LSNRCTL> STOP
Connecting to (ADDRESS=(PROTOCOL=tcp)(HOST=donna.gennick.org)(PORT=1521))
The command completed successfully

On Windows NT systems, you can stop a listener by stopping its service from the Services control panel, or by using the NET STOP command from the Windows NT command prompt. To use NET STOP, you need to know the full service name. For example:

C:\>NET STOP OracleOraHome81TNSListenerproduction_listener
The OracleOraHome81TNSListenerproduction_listener service is stopping.
The OracleOraHome81TNSListenerproduction_listener service was stopped
successfully.

The one downside to stopping the service like this, without going through the Listener Control utility, is that you’re basically killing the process. There’s no orderly shutdown. With a listener, that’s not normally a problem anyway, but it can be if you are using the SAVE_CONFIG_ON_STOP option described later in this chapter.

Starting the Listener at Boot Time

You may find it convenient to configure your server so that the Net8 listener starts automatically when the system boots. This is especially helpful if you’re running an operating system that needs to be rebooted on a regular basis. On Windows NT systems, you use the Services control panel to configure a listener to start when the system boots. On Linux and Unix-based operating systems, you need to modify the system startup scripts.

Starting a listener at boot time on Windows NT systems

To configure a listener’s startup mode on Windows NT, open the Services control panel, scroll down to find the specific listener service that you want to configure, and click on the service name in order to highlight it. Figure 4.6 shows the Services control panel with the service for the listener named PRODUCTION_LISTENER highlighted.

Highlighting the service for the listener named PRODUCTION_LISTENER

Figure 4-6. Highlighting the service for the listener named PRODUCTION_LISTENER

In Figure 4.6, the listener’s startup type is set to manual, which means the listener won’t start at boot time. Instead, you’ll need to start it manually. To change the listener’s startup mode, click the Startup button. In the resulting dialog, select Automatic as the Startup Type, as shown in Figure 4.7.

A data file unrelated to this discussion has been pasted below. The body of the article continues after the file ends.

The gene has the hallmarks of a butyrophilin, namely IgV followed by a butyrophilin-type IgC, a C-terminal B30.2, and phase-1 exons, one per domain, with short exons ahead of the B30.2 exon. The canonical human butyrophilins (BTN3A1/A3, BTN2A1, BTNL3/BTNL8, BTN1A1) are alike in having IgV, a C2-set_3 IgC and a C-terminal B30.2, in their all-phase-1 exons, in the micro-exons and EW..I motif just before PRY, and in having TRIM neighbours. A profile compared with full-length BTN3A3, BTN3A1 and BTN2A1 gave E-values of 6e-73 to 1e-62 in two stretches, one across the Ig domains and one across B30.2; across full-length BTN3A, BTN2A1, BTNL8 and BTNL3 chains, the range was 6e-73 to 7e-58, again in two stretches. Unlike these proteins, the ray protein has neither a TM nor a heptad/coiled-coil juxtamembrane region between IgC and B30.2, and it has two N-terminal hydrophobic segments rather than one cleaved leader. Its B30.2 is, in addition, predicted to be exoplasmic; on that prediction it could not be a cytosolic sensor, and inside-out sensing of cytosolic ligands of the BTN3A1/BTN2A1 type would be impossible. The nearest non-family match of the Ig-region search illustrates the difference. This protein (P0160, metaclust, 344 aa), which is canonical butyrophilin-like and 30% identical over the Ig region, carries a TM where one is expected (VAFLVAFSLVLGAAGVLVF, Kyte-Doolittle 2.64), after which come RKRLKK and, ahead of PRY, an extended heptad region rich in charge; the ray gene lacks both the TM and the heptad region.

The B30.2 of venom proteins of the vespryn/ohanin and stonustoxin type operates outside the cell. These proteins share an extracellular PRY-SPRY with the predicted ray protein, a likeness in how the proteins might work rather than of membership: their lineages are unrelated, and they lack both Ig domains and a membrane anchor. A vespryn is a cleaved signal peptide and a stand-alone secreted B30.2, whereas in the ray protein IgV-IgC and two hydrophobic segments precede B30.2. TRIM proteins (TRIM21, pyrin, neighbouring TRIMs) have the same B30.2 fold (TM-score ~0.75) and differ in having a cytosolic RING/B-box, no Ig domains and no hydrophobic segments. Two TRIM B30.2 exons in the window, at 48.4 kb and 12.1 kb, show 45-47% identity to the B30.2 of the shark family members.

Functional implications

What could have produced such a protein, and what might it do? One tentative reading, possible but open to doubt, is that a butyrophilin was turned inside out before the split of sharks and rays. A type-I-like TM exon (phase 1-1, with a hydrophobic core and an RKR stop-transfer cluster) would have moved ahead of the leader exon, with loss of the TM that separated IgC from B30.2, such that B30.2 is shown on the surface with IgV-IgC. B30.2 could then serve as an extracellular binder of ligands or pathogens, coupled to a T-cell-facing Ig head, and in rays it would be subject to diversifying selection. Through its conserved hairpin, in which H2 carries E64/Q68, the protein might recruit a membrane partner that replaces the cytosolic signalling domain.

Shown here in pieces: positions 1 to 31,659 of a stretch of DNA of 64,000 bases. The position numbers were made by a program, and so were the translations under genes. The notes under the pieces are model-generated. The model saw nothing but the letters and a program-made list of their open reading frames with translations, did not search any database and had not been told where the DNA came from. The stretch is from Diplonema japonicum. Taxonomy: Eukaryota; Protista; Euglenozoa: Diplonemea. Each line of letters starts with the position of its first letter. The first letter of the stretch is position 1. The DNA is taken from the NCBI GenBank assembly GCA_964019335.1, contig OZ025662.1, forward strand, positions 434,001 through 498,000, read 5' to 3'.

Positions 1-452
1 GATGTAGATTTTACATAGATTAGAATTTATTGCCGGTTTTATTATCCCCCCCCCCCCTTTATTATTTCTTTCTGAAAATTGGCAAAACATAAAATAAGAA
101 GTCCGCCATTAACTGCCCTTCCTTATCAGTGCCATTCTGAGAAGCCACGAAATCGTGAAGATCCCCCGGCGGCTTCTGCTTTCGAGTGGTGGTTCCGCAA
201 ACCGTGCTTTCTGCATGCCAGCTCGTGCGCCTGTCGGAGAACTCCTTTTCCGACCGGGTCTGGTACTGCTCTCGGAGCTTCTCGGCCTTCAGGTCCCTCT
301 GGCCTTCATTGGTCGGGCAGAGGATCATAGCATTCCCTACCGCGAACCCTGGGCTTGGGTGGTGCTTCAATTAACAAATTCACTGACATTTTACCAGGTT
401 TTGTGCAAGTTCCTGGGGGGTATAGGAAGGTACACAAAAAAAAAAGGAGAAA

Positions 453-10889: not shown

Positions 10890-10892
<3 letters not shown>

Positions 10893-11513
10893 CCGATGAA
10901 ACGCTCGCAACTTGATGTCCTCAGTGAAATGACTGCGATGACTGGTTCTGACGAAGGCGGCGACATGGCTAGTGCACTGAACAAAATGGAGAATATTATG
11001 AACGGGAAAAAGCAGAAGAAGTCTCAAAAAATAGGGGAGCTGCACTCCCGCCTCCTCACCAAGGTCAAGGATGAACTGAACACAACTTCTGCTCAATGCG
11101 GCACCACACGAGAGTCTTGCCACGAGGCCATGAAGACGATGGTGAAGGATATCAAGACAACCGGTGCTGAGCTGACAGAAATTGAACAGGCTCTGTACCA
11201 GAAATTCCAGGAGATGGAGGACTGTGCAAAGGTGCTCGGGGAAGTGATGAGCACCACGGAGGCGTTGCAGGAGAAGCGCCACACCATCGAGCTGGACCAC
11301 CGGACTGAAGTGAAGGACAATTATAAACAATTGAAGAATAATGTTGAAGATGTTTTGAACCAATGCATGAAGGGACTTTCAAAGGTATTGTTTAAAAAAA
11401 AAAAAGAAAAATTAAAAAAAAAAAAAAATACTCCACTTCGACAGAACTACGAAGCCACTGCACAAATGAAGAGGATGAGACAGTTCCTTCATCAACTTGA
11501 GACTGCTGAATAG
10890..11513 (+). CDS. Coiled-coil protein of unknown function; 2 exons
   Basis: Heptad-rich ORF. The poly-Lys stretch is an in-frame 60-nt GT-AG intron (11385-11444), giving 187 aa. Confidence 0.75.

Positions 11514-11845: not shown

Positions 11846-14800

Changing a listener’s startup mode to Automatic

Figure 4-7. Changing a listener’s startup mode to Automatic

When you have the startup type set the way you want it, click the OK button to close the dialog. Your change takes effect the next time you boot the server. If the startup type is Automatic, the listener starts at boot time.

Starting a listener at boot time on Linux and Unix systems

On Linux and Unix systems, you can modify the startup scripts to start the listener at boot time. There are several approaches to doing this, and you’ll have to find one that you and your system administrator can agree upon. One possible approach is to simply add the necessary commands to the dbstart script used to start your databases.

Another reasonable approach is to create a script to start and stop the listener, and link it to one of the runlevel directories. The example in this section shows you how to do this on a system running Red Hat Linux 6.0.

To start with, you need a shell script capable of starting and stopping the listener. The script needs to support two arguments, start and stop, and it needs to reside in the /etc/rc.d/init.d directory. The following commands, placed in a file named dbora , are sufficient to start and stop the default listener named LISTENER:

#!/bin/sh

case "$1" in
  start)
    echo -n "Starting the Oracle Net8  Listener..."
    su - oracle -c "lsnrctl start listener"
  ;;
  stop)
    echo -n "Stopping the Oracle Net8 Listener..."
    su - oracle -c "lsnrctl stop listener"
  ;;
esac
exit 0

The case statement in this script looks at the first argument to see whether it is start or stop. Those are the arguments that the Linux startup scripts will pass, depending on whether the system is being booted or shut down. The two su commands each change the current user to oracle. Because the hyphen (-) is used between the su command and the username, the oracle user’s login script will be executed in order to establish the proper environment settings. The -c option on the command is used to execute a single operating-system command.

Warning

The dbora script shown here will fail if the oracle user’s login script prompts for any values. In order for the dbora script to function properly, make sure that the oracle user’s login script is non-interactive.